Tips for Increasing Productivity

Did you know that 20 percent of American adults consider themselves chronic procrastinators? Significantly less than the 80-95 percent of college students who do, yet still a sizable portion of the population. And even if you don’t fancy yourself a chronic procrastinator, we have all faced days, weeks, or even months where we have experienced a dip in productivity — perhaps most glaringly so during the pandemic, when we have seen an increase in the demands placed upon our time.

While it is important that we give ourselves grace during times of chaos and change, that is often easier said than done, and the stress associated with feeling unproductive can be detrimental to our mental and physical well-being.

So while it is imperative that I remind you to be kind to yourselves, I think it equally beneficial to discuss the ways in which we can be our most productive selves when the days feel a bit too short and the to-do list a bit too long.

Eliminate Distractions

How many times have you been in the middle of an important task, only to heed the siren call of the apps beckoning to you from your phone? After all, it is exceedingly plausible that important news could have been announced in the 30 minutes since you last refreshed your feed, and even more likely that significant drama has gone down on reddit.

Studies show that the average American spends 5.4 hours on their phone each day, and while some of that time is doubtless directed toward productive purposes, a considerable portion likely is not.

Thus, if you suspect that your thirst for social media might be impinging on your time, make an active effort to disconnect.

I am personally a big fan of Freedom. The Freedom app allows you to block access to distracting websites and applications on all of your devices for a specified period of time. While it is not free (though they do have a free 7-use trial), I have seen substantial surges in productivity when I actively and consistently use the app … and dips when I do not. And they are apparently having a 30 percent off sale with the code “FOCUS30.”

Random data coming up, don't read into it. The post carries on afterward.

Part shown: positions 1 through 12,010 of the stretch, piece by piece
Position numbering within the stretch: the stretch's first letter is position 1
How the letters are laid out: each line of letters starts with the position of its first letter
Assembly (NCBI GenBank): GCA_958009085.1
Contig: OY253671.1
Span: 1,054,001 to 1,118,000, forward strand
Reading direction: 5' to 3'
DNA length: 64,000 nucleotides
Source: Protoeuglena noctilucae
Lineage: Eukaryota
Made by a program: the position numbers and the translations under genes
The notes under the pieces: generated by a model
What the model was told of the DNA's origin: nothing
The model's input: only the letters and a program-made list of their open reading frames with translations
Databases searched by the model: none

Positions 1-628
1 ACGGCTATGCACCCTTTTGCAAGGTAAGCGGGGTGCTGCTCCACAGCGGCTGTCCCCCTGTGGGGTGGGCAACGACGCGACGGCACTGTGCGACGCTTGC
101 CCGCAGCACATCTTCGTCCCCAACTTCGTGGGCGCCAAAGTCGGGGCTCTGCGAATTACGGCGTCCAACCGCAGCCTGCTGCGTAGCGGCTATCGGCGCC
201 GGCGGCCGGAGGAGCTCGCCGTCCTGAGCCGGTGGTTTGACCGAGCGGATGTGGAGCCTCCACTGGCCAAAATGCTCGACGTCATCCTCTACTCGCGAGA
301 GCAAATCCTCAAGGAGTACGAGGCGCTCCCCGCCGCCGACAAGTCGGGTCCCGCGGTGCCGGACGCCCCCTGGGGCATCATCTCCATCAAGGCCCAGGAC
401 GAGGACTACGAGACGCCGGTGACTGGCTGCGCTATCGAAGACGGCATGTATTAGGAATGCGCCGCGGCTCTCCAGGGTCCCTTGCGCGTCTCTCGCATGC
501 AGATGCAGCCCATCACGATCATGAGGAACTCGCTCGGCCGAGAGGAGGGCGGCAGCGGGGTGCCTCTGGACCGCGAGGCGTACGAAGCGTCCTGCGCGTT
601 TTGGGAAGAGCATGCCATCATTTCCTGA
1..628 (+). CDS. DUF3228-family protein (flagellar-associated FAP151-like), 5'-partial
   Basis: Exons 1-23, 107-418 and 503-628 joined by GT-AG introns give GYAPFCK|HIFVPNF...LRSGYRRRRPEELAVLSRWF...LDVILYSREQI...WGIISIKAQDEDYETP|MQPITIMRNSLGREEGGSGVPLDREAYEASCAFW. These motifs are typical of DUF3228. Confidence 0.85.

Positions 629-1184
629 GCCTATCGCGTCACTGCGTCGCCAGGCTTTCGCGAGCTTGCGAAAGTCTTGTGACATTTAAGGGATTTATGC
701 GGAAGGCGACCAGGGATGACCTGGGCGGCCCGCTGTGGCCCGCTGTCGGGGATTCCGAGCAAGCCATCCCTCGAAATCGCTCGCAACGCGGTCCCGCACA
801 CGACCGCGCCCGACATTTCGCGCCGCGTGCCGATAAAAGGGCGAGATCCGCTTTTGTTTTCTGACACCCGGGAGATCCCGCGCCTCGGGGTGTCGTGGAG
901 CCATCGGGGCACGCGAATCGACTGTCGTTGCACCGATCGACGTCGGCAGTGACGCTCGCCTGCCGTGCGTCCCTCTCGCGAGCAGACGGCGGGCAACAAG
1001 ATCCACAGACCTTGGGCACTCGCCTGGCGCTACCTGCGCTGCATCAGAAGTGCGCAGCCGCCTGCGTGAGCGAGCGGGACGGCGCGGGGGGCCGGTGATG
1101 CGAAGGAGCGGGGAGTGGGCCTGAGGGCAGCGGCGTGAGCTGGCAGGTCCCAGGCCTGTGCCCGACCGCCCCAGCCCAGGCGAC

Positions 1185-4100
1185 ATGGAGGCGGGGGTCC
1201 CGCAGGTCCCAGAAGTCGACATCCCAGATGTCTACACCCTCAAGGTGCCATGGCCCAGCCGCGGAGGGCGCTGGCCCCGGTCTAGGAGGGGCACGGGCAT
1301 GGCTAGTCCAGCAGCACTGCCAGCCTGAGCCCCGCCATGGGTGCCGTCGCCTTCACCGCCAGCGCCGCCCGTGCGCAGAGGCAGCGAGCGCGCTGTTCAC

Unsubscribe From Emails

How many times per year do you supply your email address to an unreasonably communicative company? Whether it is to gain access to a sale or read something behind a paywall, we are frequently gifting others the opportunity to bombard us with email communications. And bombard they do.

I realized last year just how many minutes per day I was spending on deleting emails from companies that weren’t even providing much present value. Sure, I could just scroll on past and allow the number in that ominous red notification bubble to tick up by the hour, but a) I’m not a sociopath, and b) scrolling eats time, too.

So one Sunday I went through my emails and unsubscribed from every single company that I was no longer interested in hearing from (read: 90 percent of them). Yes, it swallowed up a bit of time, but in the months since, it has paid dividends, as I spend significantly less time in my inbox than I did in the days of yore. And now that time can be better spent making jokes at my children’s expense on Facebook.

Take Notes

I am in an intimate relationship with the Notes app on my phone. Quite possibly a codependent relationship, but it serves me, nonetheless. Whether it is grocery needs, topic ideas, or nuggets of news, I am consistently updating relevant lists in real time so that I need not spend precious moments cycling back through my memory when it comes time to execute them.